Any tribute to the legendary Mexican painter Frida Kahlo (1907-1954) would have be colourful and highly dramatic by design, given what we know of the artist’s turbulent life. Columbian-Belgian choreographer Annabelle Lopez Ochoa capitalises on all those historic attributes, bringing the world premiere of her ballet Frida to Dutch National Ballet.

Salome Leverashvili and ensemble © Hans Gerritsen
Salome Leverashvili and ensemble
© Hans Gerritsen

Frida Kahlo’s was no easy lot; crippled in her teen years after a serious bus accident, she was left with one of her legs disfigured and suffered unmitigated lifelong pain. Her father encouraged her to paint to relieve her anxiety, and in that genre, she found her own unique expression and iconography. What’s more, for her time, she was highly unconventional – a confessed feminist who carried on affairs with both women and men, most notably the accomplished Mexican painter Diego Rivera, to whom she was twice married.

Accompanied by the beating, sometimes thunderous tones of an original score by Peter Salem – the ballet orchestra under the direction of conductor Matthew Rowe – Ochoa’s ballet is full of flavour and rich with metaphor. A troupe of skeletons launch the dance by crouching on and around a huge cube, one that, thereafter, shifts position and serves symbolically to house a life, a love, and the various losses suffered by our protagonist. The skeletons consistently allude to the looming deaths in Frida’s life, first of the foetus that Frida miscarries and, later, of marital trust and fidelity, and finally, her own demise.

Salome Leverashvili and ensemble © Hans Gerritsen
Salome Leverashvili and ensemble
© Hans Gerritsen

Dieuweke van Reij’s set and costumes are commendable, although her oversized skeletal heads were often set awkwardly on the dancers’ shoulders, and left some of us longing for human facial expression and exchange. Particularly the imagined-baby with a skull half its height was at the mercy of that convention. That said, the designer followed Kahlo’s preference for the broad lace hem on long voluminous skirts, the model which Frida purportedly often wore to hide her leg’s disfigurement. Further, the lateral-striped white torso brace she often appeared in on stage, a motif taken from the artist’s famous canvas, The Broken Column (1944), was particularly haunting and effective.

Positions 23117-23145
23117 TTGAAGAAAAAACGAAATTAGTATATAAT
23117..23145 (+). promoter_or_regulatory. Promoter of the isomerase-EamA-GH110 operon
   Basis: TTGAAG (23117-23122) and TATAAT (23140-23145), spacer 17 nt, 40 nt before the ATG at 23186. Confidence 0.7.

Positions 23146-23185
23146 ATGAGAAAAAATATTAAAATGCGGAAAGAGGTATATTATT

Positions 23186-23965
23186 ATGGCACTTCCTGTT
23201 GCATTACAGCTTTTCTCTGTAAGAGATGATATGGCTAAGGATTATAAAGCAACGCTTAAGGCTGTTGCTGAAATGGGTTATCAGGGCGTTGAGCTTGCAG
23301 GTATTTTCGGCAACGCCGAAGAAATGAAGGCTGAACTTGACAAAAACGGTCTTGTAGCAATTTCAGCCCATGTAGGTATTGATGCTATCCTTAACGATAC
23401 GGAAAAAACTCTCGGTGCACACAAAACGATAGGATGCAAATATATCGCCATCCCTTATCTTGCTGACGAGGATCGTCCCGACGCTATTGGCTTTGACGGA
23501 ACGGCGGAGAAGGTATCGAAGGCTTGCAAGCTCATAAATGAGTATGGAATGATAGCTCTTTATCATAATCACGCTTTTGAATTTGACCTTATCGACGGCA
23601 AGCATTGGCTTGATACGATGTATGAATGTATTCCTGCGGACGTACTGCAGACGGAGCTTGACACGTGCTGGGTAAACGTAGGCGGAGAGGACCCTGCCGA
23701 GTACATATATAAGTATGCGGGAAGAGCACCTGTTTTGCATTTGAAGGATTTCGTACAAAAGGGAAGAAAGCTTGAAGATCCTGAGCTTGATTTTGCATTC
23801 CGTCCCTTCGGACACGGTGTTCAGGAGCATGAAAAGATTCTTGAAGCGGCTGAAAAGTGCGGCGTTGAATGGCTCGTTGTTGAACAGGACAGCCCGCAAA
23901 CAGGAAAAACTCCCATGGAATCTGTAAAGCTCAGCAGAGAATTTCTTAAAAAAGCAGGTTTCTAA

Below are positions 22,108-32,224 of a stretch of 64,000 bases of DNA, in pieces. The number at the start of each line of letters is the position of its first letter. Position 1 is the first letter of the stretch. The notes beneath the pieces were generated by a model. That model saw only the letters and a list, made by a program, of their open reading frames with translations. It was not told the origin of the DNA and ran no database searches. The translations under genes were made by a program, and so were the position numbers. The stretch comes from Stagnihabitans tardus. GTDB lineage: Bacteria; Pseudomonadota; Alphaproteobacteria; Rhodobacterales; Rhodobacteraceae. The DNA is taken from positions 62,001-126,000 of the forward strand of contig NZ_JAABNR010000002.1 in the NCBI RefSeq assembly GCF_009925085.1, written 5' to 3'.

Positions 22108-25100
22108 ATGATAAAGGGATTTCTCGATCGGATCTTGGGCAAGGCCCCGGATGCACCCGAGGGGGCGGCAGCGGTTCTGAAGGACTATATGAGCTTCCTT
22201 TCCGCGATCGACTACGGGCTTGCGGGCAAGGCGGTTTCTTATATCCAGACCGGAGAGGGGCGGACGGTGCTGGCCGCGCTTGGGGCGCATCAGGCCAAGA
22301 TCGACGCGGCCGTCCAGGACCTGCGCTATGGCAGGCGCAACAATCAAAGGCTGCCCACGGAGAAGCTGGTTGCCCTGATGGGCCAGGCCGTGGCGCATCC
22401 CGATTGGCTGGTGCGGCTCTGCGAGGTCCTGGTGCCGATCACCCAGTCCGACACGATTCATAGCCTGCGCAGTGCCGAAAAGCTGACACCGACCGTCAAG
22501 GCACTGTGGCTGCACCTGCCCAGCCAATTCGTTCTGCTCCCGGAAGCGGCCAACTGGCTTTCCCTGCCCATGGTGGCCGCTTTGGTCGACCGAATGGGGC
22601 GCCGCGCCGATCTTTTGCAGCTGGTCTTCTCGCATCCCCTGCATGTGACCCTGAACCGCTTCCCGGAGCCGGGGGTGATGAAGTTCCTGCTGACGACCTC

The lithe and lovely Salome Leverashvilli danced the title role with great acuity and insight. A small woman herself, she perfectly portrayed a determined Frida who, despite her purported emancipation and many affairs, was herself victim of injury, both physical and emotional. Her mentor/lover Diego Rivera, who, in life, was physically very portly, was danced convincingly by Artur Shesterikov. He portrayed an almost farmer-like character whose leaps about the stage where commensurately heavy. Frida had two alter egos, both meant to lift her spirits: the omnipresent Deer (Floor Eimers) was precise and accomplished, but was a tad too geometric and contrived for a gentle animal; but Nina Tonoli’s bluebird was lithe and sparkling, which gave a distinctly light and upbeat twist to the otherwise tragic tale.

Salome Leverashvili and ensemble © Hans Gerritsen
Salome Leverashvili and ensemble
© Hans Gerritsen

Tragic, because Frida miscarries the baby she’d so hoped to have. Once the many red cords hanging vertically from the rafters have fallen to the floor, the protagonist sits in what seems a pool of umbilical and uterine blood, which made for highly effective staging, although the corps’ winding and handling of the cords over such a lengthy period stretched the gripping image’s resonance to a breaking point.

In the ballet’s second half, a celebrated Rivera and his Frida travel to New York City, and van Reij’s staging alternates from the spartan to an urban landscape of skyscrapers and high-rise windows. Taking the scene change to an extreme, the city set also features a Doric column surmounted by a huge toilet bowl, as if the audience really needed a reminder that “shit happens”. It did, of course, to Frida when Diego gleaned all the attention in the Big Apple, and left her to her own devices. It also happened to him, because he included a portrait of Lenin in a commissioned mural.

Peter Salem’s electronic score nicely amplified the burly city’s soundscape with sirens, whistles and cymbals. The music eventually morphed to something more placid, and differently timed, and the ballet ended in a remorseful Diego and the death of a disavowed Frida, who’s enclosed in the cube, defeated and crippled in her human form. At that point, the little bluebird of fortune cheerfully twirls on top of the cube as the last vignette, assurance, perhaps, that both Frida Kahlo’s color, images and pain will be long remembered.

***11